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Peer Review Congress
July 15, 1998

Unpublished Research From a Medical Specialty MeetingWhy Investigators Fail to Publish

Author Affiliations

From the Division of Emergency Medicine (Drs Weber, Callaham, and Young), University of California, San Francisco; the Division of Emergency Medicine, University of Florida Health Center, Jacksonville (Dr Wears); the Department of Emergency Medicine, University of North Carolina, Chapel Hill (Dr Barton); and the Department of Emergency Medicine, Highland Hospital, Alameda County Medical Center, Oakland, Calif (Dr Young). Dr Young is now with Sacred Heart Medical Center, Eugene, Ore.

JAMA. 1998;280(3):257-259. doi:10.1001/jama.280.3.257

Context.— It is not known whether peer review of research abstracts submitted to scientific meetings influences subsequent attempts at publication.

Objective.— To determine why research submitted to a scientific meeting is not subsequently published. We hypothesized that authors of abstracts rejected by a meeting are less likely to pursue publication than those whose abstracts are accepted, regardless of research quality.

Design and Participants.— Blinded review of abstracts submitted to a medical specialty meeting in 1991 and not published as full manuscripts within 5 years. In 1996, authors of 266 unpublished studies were asked to complete questionnaires.

Main Outcome Measures.— Submission of a full manuscript to a journal between 1991 and 1996; failure to submit a manuscript to a journal because the investigator believed it would not be accepted for publication.

Results.— A total of 223 (84%) of the unpublished investigators returned the questionnaire. Only 44 (20%) had submitted manuscripts to a journal. Manuscript submission was not associated with abstract quality (odds ratio [OR], 1.16; 95% confidence interval [CI], 0.80-1.64), positive results (OR, 0.75; 95% CI, 0.31-1.57), or other study characteristics. Having an abstract accepted for presentation at the meeting weakly predicted submission of a manuscript to a journal (OR, 1.88; 95% CI, 0.84-4.10). Authors of accepted abstracts were significantly less likely to believe a journal would not publish their manuscript than were authors of rejected abstracts (OR, 0.23; 95% CI, 0.0001-0.61).

Conclusions.— Study characteristics do not predict attempts to publish research submitted to a scientific meeting. Investigators whose research is rejected by a meeting are pessimistic about chances for publication and may make less effort to publish.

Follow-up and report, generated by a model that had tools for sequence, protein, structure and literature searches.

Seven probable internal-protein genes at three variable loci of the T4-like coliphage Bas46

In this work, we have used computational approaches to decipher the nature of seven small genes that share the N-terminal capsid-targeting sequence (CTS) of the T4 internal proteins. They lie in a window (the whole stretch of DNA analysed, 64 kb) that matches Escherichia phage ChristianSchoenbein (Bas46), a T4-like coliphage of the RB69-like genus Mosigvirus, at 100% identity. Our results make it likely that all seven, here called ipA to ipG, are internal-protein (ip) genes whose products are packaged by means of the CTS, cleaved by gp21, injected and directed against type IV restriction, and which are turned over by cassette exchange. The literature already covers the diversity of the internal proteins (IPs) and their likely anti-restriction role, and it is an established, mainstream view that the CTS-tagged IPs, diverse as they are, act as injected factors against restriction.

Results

UNDERREPORTING OF research is a well-recognized problem with serious implications for clinical practice.1 Most unpublished research is never submitted to a journal for consideration.26 Previous investigations suggest researchers are more likely to attempt to publish studies with positive outcomes (publication bias).24 Much of the research submitted to scientific meetings is never published,512 yet it is not known whether acceptance or rejection of the abstract for a meeting influences subsequent efforts to publish a full manuscript.

The purpose of this study was to determine what factors influence an investigator's attempts to publish research that was submitted to a scientific meeting. We hypothesized that authors of abstracts rejected by the meeting were less likely to pursue publication than those whose abstracts had been accepted, regardless of the study quality.


We obtained copies of all abstracts submitted to the 21st annual meeting of the Society for Academic Emergency Medicine (SAEM) held in 1991. In November 1995 and again in March 1996, we searched MEDLINE, EMBASE, and the Cochrane Collaboration to identify which of these abstracts had been subsequently published in a peer-reviewed journal. A peer-reviewed publication was defined as a full-length manuscript (not letters or editorials) appearing in a journal that uses a process of external review. Multiple search strategies were used, beginning with several authors, and then, if necessary, combinations of authors, title, and keywords. Online abstracts were compared with the original abstract submitted to the SAEM meeting in 1991 when necessary to confirm the identity of the publication.